The very nature of pessimism cripples your ability to become
resilient and bounce back from stress, pressure or burnout
The Mayo Clinic investigators believe that pessimism and
depression are likely to be risk factors for dementia. 
So, how to 'fix' pessimism?
Use the anti-venom, naturally...a dose of optimism!
Test results found that 'optimistic' men were about half as likely to
develop heart disease as men defined as pessimistic 
Optimism may reduce the risk of health problems and may actually help a
person recover after experiencing a serious life-changing event. 
According to Martin Seligman, author of 'Learned Optimism':
"Within the American workplace, optimists overall stay with difficult and
challenging jobs, while pessimists seem to do worse than predicted and even
give up. In our research on the roles of optimism and pessimism, we
conducted studies in the workplace. We looked for a demanding field in which
were a lot of challenges, frustrations, and rejection. The question was:
'What type of person copes
with that kind of situation best?'
We tested 15,000 applicants for life insurance sales, a difficult job with
frequent rejection and a high drop-out rate. We measured, by questionnaire,
the explanatory style (a metric of optimism and pessimism) of the regular
qualified people who were hired. Also included was a special force of 129
people who failed the industry test -- who wouldn't normally have been hired
-- but who tested very well on optimism.
Our research followed both groups for two years and concluded with two basic
findings. First, within the regular qualified group that was hired, the
optimists significantly outsold the pessimists. Second, the special force of
optimists who failed the industry test outsold everyone."
So, can you become more optimistic overnight?
Well, let me ask that question another way...
'can you stop eating ice-cream from one day to the next?'
Sure you can - you just stop buying the stuff or stop opening the freezer
and it taking out in the first place.
It is a choice...like most things in life.
YOU choose what you eat.
YOU choose how you move your body.
YOU choose what you say to, and about, other people.
...and YOU choose what you THINK.
Yes - of course you can become more optimistic - you just choose different
You think different thoughts, you express yourself with different words, you
may even set different standards for yourself.
So, how do you create more optimism at work?
1. Get away from the garbage
If you don't want to smell - then don't touch the garbage! If you want the
optimism in your life, then you need to stop indulging in the complaining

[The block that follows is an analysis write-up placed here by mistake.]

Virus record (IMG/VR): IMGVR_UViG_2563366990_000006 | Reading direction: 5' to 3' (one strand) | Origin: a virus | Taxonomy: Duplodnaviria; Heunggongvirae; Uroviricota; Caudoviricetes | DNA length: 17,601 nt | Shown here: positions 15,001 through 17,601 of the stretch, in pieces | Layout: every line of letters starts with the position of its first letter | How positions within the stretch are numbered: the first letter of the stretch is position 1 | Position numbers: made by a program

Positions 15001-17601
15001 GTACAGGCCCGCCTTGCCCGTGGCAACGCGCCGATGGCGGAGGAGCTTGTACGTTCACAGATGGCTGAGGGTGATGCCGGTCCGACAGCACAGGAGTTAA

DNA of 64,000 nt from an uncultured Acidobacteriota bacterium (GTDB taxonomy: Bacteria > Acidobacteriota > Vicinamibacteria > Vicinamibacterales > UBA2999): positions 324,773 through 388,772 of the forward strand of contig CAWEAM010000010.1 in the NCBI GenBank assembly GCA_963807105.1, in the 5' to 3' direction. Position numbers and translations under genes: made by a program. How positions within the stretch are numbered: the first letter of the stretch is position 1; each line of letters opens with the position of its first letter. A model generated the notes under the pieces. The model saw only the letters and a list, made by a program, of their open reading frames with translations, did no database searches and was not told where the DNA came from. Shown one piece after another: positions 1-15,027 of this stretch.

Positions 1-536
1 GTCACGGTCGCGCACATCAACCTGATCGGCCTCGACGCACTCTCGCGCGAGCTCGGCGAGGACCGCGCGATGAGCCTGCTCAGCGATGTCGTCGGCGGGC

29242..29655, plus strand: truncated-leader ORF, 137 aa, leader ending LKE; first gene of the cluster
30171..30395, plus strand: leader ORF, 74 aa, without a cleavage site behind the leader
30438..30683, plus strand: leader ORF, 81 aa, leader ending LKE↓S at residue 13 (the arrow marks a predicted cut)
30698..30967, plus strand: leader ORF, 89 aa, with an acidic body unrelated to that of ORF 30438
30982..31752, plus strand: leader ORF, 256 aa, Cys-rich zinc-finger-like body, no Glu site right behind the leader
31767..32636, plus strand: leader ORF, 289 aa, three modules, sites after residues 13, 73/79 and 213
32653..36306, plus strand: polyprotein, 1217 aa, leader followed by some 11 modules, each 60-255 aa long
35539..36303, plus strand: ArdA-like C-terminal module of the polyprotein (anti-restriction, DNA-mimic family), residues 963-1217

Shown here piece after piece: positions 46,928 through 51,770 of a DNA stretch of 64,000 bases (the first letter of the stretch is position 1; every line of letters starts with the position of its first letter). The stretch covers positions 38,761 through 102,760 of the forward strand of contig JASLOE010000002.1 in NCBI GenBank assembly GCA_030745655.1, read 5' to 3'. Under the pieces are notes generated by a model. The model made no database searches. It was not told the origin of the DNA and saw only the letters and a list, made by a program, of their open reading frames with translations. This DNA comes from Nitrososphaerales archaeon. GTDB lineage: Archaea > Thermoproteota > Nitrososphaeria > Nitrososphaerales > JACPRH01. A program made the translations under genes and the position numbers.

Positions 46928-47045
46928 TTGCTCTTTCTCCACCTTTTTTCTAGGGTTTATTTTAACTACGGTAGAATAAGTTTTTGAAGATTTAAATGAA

about the weather, traffic, politics, andeverything else that isn't going
If the people you work or deal with each day are pessimistic, complaining,
miserable sods then that's just tough luck. However, it doesn't have to
make you one as well. You can choose not to get sucked into their vacuum of
negativity and keep your own head strong.
How would you feel if someone walked into your living room and dumped a pile
of rubbish on your carpet/floor boards? I'm assuming this would upset you -
maybe even make you mad!
You probably wouldn't tolerate anyone doing that to yourplace....so why
would you tolerate people dumping their garbage thoughts and complaints in
Dave Boufford's website,
is dedicated to
sourcing positive news from around the world. I recommend visiting his site
and viewing his short motivational movie "Rules For Being Human".
Research suggests that optimistic attitudes can reduce risk of heart disease
in older men, says Laura Kubzansky, assistant professor of health and social
behavior at the Harvard School of Public Health.
Make a choice about what you focus on and about the conversations you have.
2. External versus Internal
Do you spend more time putting yourself down and blaming yourself when
things go wrong? If so, then STOP IT! Sometimes things just don't work
out. It doesn't have to always be about you! There may be other
circumstances that play a role in a disappointing outcome.
Optimists explain negative events in their lives as due to being a
combination of them and circumstances - thereby not wearing the full burden
of the problem on their shoulders. In contrast, pessimists tend to see
setbacks as mostly 'their fault'. 
Not everything is 'your fault' - share the burden with life.
3. Get into better thinking habits
Learn why some people naturally SWIM and become optimistic when dealing with
stress and pressure while others SINK and become pessimistic under the
I run regular courses on 'Becoming resilient to pressure in work and life'
where I reveal the 4 key mindsets that will turn your pessimism into
optimism. You can find out more about them from: www.bouncebackfast.com/public.html